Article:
The introduction of New York’s Housing Stability and Tenant Protection Act of 2019 (“HSTPA”)-Part A
Yen-Yi Anderson, Managing Partner of Anderson & Associates, founded the law firm in January 2014. Yen-Yi Anderson focuses her practice on excellence in business immigration, commercial law, and civil litigation.
Philipp Kirschbaum is a Law Clerk at Anderson & Associates and a contributing author for the Anderson & Associates blog.
Part A. How it affects the leasing process of rent-stabilized and unregulated units:
Credit and Background Checks
Landlords may only charge a maximum of $20 or the actual cost of the check, whichever is less, for performing a credit and background checks on prospective tenants. Additionally, the landlord must provide the prospective tenant with a copy of the report and a receipt from the credit reporting agency. Alternatively, tenants may provide the landlord with a copy of their credit or background check, conducted within the past 30 days; in this case, the landlord would not be able to charge a fee.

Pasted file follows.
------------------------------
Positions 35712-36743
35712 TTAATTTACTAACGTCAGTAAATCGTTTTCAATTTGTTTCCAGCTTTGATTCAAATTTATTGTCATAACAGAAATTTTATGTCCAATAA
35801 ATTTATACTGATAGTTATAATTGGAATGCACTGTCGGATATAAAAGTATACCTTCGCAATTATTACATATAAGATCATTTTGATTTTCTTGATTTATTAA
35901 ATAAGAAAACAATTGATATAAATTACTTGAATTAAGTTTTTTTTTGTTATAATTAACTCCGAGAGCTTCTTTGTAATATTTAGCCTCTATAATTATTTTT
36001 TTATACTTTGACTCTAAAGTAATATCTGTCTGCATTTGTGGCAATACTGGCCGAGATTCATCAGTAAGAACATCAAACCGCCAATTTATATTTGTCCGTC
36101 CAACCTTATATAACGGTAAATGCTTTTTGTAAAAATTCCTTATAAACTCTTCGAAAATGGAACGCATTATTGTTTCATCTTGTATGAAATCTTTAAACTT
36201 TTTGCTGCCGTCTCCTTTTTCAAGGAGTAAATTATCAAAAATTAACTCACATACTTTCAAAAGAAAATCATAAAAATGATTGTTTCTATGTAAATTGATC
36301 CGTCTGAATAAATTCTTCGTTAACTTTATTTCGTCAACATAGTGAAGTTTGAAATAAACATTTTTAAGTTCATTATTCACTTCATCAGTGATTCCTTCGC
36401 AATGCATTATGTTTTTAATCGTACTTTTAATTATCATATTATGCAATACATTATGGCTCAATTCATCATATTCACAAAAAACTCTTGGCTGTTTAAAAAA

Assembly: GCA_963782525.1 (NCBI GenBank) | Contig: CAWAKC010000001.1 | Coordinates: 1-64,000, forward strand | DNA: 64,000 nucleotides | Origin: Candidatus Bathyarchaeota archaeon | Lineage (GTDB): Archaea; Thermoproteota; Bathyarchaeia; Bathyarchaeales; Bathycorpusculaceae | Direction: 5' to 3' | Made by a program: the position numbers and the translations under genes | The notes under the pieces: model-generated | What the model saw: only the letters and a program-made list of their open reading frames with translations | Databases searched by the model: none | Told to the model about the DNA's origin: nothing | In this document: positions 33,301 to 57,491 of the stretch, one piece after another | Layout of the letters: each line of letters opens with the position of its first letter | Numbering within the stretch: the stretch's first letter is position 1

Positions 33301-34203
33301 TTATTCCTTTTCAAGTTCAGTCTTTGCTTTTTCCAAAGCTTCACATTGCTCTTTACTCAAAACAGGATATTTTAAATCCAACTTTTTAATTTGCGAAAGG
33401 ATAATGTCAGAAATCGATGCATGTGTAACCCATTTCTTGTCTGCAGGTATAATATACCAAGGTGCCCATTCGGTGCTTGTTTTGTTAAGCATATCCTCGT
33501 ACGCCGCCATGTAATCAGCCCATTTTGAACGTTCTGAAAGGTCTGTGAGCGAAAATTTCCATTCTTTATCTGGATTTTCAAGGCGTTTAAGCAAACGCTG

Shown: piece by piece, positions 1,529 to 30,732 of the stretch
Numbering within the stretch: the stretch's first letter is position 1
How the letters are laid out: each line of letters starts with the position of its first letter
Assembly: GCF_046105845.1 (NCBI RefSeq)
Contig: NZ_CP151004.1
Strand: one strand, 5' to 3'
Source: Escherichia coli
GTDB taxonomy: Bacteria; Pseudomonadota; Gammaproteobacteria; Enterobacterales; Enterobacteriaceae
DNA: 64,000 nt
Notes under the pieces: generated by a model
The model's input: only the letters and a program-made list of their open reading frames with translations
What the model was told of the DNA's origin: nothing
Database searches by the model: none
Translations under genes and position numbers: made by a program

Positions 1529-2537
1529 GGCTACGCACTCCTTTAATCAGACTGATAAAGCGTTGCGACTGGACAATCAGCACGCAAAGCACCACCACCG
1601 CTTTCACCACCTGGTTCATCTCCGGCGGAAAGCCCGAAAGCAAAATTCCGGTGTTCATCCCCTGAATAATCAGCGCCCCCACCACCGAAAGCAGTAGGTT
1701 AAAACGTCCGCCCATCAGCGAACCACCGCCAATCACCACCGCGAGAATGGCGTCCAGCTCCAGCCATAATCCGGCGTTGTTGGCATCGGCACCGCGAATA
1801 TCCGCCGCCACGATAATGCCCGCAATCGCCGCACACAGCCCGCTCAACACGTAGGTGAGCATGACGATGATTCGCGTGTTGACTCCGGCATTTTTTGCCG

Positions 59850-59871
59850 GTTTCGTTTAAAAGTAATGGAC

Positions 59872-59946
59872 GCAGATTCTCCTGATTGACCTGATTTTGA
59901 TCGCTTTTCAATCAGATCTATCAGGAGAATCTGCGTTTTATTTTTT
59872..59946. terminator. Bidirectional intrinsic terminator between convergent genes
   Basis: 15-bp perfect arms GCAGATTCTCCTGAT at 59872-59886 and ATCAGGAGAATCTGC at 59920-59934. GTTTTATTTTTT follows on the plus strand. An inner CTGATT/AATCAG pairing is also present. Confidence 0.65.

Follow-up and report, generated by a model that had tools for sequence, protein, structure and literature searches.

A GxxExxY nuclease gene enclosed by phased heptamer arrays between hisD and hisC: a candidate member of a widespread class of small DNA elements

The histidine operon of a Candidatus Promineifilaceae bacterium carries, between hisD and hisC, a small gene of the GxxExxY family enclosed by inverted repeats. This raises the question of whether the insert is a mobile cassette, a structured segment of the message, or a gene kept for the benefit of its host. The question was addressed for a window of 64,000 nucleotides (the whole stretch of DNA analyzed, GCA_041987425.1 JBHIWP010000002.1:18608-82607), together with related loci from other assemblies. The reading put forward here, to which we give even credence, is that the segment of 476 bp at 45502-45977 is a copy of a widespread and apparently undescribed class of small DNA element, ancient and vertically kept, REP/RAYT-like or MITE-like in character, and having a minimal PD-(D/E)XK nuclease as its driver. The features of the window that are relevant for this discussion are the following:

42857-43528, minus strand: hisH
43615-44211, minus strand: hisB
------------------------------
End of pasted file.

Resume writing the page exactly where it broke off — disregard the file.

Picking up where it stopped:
Blacklists were a way for Landlords to identify if a prospective tenant was ever involved in an eviction proceeding or other landlord-tenant action. Information obtained from a blacklist is no longer a valid reason for rejecting a prospective tenant.
Security deposits are now limited to a maximum of one-month’s rent.
After signing the lease but before occupancy begins, the tenant must be offered an opportunity to inspect the unit with the landlord. They must each note the condition of the unit on a signed agreement. This agreement can later be used as evidence if the landlord decides not to return the security deposit due to damage in the unit.